I look back at late 2008 and early 2009 as the most difficult time of my 18-year career with The IIA. It was the one time I was forced to let team members go, and to watch friends and co-workers lose their jobs through no fault of their own. At the time, the global economic crisis was making its way through organizations, and The IIA was not spared. The Institute was forced to part with more than 40 employees despite efforts by leadership to steady the ship.
As that difficult time was beginning, The IIA’s Board of Directors brought in Richard Chambers as The Institute’s ninth president. Chambers, along with the Board, worked closely with IIA staff members to identify areas where The IIA could cut costs and grow revenue. “Those early months of 2009 were really spent working collaboratively,” Chambers says, adding that the process “really exemplified the very best of who we are.”
Ten years on, I had the opportunity to sit down with Chambers at The IIA’s Headquarters in Lake Mary, Fla. He reflected on those challenging days, discussing how The IIA and the internal audit profession responded to the financial crisis and how both have grown in scope and influence since then. In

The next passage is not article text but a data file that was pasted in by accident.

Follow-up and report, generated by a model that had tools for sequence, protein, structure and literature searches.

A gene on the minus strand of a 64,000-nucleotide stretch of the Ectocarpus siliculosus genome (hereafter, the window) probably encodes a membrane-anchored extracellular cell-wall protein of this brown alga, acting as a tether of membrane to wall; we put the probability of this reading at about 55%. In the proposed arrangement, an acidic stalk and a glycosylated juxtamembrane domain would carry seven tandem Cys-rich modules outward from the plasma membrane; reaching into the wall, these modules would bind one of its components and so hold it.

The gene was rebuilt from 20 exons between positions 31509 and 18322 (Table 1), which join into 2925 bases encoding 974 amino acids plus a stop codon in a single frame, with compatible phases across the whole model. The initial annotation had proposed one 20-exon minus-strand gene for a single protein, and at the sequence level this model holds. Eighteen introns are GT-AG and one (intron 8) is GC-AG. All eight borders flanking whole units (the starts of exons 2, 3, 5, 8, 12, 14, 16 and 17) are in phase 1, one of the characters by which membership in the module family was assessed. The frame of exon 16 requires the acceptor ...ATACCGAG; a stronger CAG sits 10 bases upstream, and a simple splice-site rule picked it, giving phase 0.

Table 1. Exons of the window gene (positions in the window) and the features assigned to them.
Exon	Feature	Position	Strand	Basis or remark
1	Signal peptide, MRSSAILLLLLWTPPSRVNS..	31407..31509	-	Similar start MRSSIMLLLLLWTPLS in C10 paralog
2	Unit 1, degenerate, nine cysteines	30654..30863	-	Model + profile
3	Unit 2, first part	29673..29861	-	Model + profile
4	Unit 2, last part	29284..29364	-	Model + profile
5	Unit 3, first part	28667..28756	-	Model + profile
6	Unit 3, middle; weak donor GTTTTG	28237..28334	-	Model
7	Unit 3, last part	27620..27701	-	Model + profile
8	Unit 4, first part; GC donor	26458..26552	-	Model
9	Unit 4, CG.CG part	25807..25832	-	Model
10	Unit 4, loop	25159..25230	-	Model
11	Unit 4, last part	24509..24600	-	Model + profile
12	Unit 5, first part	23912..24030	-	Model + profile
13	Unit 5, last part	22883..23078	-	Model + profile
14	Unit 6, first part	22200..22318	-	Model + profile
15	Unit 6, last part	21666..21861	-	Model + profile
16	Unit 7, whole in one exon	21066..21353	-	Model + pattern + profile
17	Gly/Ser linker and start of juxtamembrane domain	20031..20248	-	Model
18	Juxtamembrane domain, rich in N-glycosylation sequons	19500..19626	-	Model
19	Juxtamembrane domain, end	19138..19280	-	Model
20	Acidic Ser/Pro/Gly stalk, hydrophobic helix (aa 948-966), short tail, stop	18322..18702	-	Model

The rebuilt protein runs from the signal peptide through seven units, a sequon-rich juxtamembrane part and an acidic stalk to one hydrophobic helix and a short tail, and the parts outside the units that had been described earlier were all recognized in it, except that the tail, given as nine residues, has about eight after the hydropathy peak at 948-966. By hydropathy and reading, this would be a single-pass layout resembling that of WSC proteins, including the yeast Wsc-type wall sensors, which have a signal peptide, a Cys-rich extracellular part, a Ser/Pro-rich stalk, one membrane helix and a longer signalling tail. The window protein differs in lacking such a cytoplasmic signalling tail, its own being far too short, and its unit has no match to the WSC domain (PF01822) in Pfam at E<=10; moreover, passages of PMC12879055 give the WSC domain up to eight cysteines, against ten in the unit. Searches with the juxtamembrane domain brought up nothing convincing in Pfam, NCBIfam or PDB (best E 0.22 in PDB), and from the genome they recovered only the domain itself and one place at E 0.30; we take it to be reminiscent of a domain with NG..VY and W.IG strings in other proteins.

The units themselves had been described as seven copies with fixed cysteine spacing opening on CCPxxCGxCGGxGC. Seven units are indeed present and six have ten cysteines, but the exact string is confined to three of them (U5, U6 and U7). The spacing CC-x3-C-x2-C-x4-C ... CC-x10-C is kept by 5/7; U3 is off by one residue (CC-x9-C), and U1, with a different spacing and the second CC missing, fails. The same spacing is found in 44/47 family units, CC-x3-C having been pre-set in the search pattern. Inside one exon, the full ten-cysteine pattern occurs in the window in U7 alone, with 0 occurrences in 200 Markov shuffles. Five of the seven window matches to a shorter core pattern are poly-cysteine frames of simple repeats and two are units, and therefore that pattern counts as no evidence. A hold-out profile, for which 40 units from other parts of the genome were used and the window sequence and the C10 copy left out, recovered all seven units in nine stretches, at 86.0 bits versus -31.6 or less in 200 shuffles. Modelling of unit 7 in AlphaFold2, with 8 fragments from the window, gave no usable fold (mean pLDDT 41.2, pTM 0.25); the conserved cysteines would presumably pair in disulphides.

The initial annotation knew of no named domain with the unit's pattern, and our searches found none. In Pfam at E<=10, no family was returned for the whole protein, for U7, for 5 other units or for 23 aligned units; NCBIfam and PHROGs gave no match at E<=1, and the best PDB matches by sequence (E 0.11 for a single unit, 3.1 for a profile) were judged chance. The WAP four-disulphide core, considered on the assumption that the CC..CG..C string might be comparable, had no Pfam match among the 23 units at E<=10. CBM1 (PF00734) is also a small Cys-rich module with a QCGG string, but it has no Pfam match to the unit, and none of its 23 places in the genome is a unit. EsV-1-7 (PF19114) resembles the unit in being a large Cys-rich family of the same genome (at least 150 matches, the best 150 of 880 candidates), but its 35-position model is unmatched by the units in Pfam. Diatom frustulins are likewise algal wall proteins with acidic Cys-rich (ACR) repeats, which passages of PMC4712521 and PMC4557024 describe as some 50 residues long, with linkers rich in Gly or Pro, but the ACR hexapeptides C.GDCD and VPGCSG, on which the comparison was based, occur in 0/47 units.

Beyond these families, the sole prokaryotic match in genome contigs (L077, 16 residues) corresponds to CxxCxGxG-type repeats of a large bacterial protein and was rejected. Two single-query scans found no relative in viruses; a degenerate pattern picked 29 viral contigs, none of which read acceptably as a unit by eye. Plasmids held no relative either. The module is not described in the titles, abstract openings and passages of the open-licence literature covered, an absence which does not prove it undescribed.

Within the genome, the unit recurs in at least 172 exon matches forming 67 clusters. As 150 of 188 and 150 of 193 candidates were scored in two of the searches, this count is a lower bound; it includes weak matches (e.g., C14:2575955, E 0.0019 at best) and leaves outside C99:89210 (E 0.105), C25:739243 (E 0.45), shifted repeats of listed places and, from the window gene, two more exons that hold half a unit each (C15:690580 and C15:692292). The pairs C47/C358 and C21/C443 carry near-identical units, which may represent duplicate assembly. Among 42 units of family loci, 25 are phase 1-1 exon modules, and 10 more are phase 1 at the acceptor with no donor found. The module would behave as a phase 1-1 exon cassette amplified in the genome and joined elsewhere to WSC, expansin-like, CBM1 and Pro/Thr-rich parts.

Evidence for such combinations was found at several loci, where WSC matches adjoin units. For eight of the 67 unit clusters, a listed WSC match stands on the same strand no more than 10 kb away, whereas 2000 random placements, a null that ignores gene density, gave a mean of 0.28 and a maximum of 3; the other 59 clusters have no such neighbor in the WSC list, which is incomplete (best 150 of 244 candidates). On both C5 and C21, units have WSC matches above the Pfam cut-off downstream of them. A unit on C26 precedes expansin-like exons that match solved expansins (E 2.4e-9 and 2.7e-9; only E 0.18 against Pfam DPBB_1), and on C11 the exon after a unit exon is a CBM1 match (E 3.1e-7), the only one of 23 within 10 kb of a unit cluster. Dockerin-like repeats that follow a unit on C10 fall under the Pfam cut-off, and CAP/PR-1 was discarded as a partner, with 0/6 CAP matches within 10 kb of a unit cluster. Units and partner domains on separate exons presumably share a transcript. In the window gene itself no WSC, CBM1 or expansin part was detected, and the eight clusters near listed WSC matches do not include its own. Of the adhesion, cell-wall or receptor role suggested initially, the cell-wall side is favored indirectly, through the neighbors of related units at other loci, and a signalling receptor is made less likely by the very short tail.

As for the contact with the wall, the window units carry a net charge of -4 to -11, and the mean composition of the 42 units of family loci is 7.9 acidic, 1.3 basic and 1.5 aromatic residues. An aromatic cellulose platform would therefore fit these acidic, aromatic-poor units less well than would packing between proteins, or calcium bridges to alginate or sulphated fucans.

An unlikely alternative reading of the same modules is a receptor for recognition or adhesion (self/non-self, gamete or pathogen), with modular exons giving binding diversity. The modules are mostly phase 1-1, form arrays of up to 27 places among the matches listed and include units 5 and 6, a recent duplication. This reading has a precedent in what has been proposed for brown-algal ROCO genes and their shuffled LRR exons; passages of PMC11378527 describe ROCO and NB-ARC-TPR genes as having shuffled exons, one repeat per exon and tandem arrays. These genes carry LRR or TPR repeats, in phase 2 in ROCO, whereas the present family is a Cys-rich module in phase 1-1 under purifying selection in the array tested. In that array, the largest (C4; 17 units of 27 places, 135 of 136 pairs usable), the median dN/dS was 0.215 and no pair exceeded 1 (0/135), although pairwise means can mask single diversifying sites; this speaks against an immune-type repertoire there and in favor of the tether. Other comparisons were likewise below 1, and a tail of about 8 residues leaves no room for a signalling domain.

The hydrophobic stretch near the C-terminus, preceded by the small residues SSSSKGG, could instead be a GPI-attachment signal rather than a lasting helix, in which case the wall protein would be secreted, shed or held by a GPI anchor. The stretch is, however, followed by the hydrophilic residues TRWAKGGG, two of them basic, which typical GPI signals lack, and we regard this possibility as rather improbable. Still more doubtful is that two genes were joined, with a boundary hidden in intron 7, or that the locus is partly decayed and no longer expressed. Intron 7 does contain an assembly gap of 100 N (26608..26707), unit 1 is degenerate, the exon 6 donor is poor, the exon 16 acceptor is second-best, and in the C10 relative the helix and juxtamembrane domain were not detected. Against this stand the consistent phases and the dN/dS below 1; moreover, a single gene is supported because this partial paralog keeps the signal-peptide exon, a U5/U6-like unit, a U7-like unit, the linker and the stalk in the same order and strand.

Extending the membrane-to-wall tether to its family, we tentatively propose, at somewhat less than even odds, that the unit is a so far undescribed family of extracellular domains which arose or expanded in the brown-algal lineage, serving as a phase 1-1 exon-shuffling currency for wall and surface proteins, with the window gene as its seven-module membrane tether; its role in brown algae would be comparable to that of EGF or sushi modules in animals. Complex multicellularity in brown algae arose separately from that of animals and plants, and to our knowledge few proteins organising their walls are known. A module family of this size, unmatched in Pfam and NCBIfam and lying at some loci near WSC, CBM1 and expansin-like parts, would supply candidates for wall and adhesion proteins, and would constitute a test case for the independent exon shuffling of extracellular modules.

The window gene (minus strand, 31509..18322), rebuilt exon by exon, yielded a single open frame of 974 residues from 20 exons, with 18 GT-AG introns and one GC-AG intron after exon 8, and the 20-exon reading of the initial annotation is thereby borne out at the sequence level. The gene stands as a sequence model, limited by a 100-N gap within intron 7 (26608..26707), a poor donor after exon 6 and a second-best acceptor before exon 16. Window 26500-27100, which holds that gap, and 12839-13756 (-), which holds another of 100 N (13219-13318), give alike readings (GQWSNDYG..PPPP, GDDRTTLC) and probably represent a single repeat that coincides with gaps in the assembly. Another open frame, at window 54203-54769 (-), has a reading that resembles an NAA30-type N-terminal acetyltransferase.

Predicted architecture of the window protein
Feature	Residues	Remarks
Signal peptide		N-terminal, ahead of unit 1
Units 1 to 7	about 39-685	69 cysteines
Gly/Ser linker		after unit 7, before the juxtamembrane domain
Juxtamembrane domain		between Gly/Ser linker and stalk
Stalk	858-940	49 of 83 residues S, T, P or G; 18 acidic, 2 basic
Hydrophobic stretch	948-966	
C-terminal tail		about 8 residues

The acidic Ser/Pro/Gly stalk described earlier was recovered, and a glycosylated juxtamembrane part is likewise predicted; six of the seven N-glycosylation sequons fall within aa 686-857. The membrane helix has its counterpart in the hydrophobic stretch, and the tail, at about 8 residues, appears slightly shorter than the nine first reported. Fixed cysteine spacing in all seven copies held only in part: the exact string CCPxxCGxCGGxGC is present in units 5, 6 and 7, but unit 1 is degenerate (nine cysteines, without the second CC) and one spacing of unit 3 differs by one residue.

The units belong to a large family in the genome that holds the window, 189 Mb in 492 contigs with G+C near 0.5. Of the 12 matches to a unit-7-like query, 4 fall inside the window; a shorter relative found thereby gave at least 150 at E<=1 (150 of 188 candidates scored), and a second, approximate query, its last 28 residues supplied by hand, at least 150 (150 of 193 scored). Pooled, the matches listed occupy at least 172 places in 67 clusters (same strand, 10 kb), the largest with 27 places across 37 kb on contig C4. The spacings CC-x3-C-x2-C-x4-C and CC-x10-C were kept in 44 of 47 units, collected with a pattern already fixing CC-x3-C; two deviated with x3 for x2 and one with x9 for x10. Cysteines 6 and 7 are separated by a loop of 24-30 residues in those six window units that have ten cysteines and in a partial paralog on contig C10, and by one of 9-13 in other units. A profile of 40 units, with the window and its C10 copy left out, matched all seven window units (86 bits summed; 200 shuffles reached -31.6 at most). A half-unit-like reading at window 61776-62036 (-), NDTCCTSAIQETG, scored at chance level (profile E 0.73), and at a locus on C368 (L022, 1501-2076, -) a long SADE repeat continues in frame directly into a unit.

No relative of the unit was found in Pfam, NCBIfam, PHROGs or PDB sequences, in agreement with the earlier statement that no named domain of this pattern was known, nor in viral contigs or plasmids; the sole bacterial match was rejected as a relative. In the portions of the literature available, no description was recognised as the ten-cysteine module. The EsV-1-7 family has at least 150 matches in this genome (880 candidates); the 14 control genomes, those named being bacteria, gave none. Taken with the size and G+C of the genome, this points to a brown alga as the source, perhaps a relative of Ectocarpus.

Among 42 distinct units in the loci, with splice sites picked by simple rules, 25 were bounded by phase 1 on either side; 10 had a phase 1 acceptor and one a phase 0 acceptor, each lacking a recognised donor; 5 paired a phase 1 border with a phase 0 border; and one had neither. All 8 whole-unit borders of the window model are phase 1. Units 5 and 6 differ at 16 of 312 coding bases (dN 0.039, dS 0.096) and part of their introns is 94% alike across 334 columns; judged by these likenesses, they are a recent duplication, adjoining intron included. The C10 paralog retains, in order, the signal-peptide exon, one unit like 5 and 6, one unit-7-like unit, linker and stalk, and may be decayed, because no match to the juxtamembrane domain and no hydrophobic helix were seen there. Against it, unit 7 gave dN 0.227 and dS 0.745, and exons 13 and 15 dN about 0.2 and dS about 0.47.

“Trials and Transformation," Chambers notes, however, that there is much room for improvement when it comes to internal audit’s value proposition. For example, he points out the need for practitioners to fully embrace the
International Standards for the Professional Practice of Internal Auditing and learn to provide foresight on risks to the organization.
“The Forward-looking Auditor,” Shawn Stewart of Grant Thornton and Sandy Pundmann of Deloitte take the internal audit foresight discussion further, delving into just what it will take for internal auditors to succeed in this area. “If successful, internal auditors have an opportunity to inform and shape the critical decisions that their management teams must make,” Stewart says.
Among those decision-makers is the audit committee, which is the focus of Internal Auditor’s new department,
“Board Perspectives." We have revamped and renamed “Governance Perspectives” to focus on the expectations of internal audit’s stakeholders — the board and audit committee. The department is written from the perspective of the audit committee, featuring committee members sharing their views on how internal audit can provide value to them and the organization. These leaders also will discuss the audit committee’s oversight responsibilities, ways to align internal audit with the audit committee, and timely business events in which audit committees and internal audit should be involved. Matt Kelly, editor and CEO of Radical Compliance, is the author of the new department. Let us know what you think!